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Gary Slaight announces a $50-million donation to five Toronto hospitals. (Fred Lum/The Globe and Mail)
Gary Slaight announces a $50-million donation to five Toronto hospitals. (Fred Lum/The Globe and Mail)

Five Toronto hospitals to benefit from $50-million donation Add to ...

Five Toronto hospitals will split $50-million in new donations from the Slaight Family Foundation, which will support projects that include new emergency services, MRI technology, mental-health treatment and maternity care.

Gifts of $10-million over 10 years will go to each of Toronto General and Western Hospital, St. Michael’s Hospital, the Sunnybrook Health Sciences Centre, the Centre for Addiction and Mental Health (CAMH) and Mount Sinai Hospital.

Gary Slaight said his family, known for building the powerhouse multimedia firm Standard Broadcasting, chose to back the city’s hospital sector “because it needs it,” and hopes other donors across Canada will follow their lead. They worked closely with the hospitals for most of the past year to choose initiatives in need of funds to cover construction, equipment and outreach, aiming to help patients of all ages.

“I believe it’s important that Canadian families who are fortunate enough to have built some kind of wealth in this country are giving back to the country in one way, shape or another,” he said.

The gifts, announced Tuesday, mark the Slaights’ second $50-million donation this year after family patriarch Allan Slaight and his wife, Emmanuelle Gattuso, gave the same sum to the Princess Margaret Cancer Centre in January.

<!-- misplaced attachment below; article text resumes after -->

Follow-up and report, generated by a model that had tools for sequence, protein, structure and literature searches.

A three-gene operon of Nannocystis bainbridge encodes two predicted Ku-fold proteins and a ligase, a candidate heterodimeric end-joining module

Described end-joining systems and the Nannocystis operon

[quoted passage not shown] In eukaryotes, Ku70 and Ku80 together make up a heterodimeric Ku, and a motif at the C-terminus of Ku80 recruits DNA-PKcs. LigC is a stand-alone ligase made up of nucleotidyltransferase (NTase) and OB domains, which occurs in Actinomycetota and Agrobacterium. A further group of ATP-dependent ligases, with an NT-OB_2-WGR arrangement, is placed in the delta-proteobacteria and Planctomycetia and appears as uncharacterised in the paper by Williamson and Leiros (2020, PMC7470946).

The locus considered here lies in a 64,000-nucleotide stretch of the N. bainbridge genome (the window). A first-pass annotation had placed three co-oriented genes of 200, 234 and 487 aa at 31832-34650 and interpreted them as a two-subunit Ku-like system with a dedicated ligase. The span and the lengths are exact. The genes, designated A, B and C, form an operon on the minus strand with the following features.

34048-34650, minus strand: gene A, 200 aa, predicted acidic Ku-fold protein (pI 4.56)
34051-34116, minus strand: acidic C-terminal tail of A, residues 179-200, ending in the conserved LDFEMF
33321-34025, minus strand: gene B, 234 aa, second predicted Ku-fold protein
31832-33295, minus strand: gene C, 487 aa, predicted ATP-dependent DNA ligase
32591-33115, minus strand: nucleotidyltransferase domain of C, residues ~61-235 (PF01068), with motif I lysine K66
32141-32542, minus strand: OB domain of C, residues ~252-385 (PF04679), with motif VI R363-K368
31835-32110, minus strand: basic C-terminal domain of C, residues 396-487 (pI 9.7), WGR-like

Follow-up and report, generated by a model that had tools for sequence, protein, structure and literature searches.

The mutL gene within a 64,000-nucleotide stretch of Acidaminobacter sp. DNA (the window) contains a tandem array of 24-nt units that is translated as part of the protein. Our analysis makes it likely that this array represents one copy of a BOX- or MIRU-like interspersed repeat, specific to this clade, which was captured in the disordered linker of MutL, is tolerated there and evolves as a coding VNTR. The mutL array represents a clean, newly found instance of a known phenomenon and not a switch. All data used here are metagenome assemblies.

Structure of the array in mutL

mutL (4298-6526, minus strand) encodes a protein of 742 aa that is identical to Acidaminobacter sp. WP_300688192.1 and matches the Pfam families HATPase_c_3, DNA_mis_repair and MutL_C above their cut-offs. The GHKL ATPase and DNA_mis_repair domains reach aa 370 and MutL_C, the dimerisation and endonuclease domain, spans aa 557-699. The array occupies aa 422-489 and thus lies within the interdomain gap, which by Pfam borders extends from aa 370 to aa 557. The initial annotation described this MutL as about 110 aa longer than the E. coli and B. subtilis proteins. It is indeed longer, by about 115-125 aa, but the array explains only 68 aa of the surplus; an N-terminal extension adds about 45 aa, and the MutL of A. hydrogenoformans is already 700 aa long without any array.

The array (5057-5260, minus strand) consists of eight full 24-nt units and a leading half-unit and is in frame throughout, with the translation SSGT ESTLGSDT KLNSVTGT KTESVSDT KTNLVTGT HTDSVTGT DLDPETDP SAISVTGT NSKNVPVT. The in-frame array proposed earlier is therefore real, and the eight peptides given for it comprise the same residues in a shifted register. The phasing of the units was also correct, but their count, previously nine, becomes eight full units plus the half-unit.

At St. Michael’s, the money will help modernize and double the size of the emergency department, which has been taxed by rising numbers of emergency visits – it was built to handle 45,000 each year, but had 71,500 last year, and the number continues to rise.

“I would say that’s a top need,” said Bob Howard, St. Michael’s president and CEO. “This is the back-breaker donation that’s going to allow us to do [the expansion].”

The plan at CAMH is to co-ordinate new services to identify at-risk youth for early intervention and treatment. It will target those ages 18 to 24, when most serious mental illnesses and addictions have their onset, and expand access to new treatments like magnetic brain stimulation.

Sunnybrook’s leaders have chosen to drive ahead with new techniques to attack serious threats to health such as tumours without ever breaking a patient’s skin. Most of their gift will go to purchasing Toronto’s first PET-MRI scanner for ultra-high-resolution imaging. When combined with ultrasound, it will advance efforts to get drugs and, one day, stem cells through the bloodstream and past the brain’s barrier for keeping noxious chemicals out.

“This is world-first research. This investment is going to save lives and it’s going to change lives,” said Barry McLellan, Sunnybrook’s president and CEO.

Similarly, Toronto General and Western Hospital will buy Canada’s first Siemens 7 Tesla whole-body MRI scanner, which can produce extremely detailed images of the brain and spinal cord. Those images could reveal “the very, very earliest signs of degeneration in the brain” from Alzheimer’s disease, strokes, concussions and other degenerative maladies, allowing for earlier treatment, said University Health Network president Bob Bell.

And Mount Sinai will extend its maternity-care education for family physicians, build a labour and delivery unit, and set up prenatal and perinatal outreach to marginalized women in Canada and abroad.

The Slaights, who sold most of their broadcasting properties to Astral Media in 2007, now plan to turn their philanthropic focus elsewhere. “I think, probably, we’re done with the hospitals for now,” Gary Slaight said.

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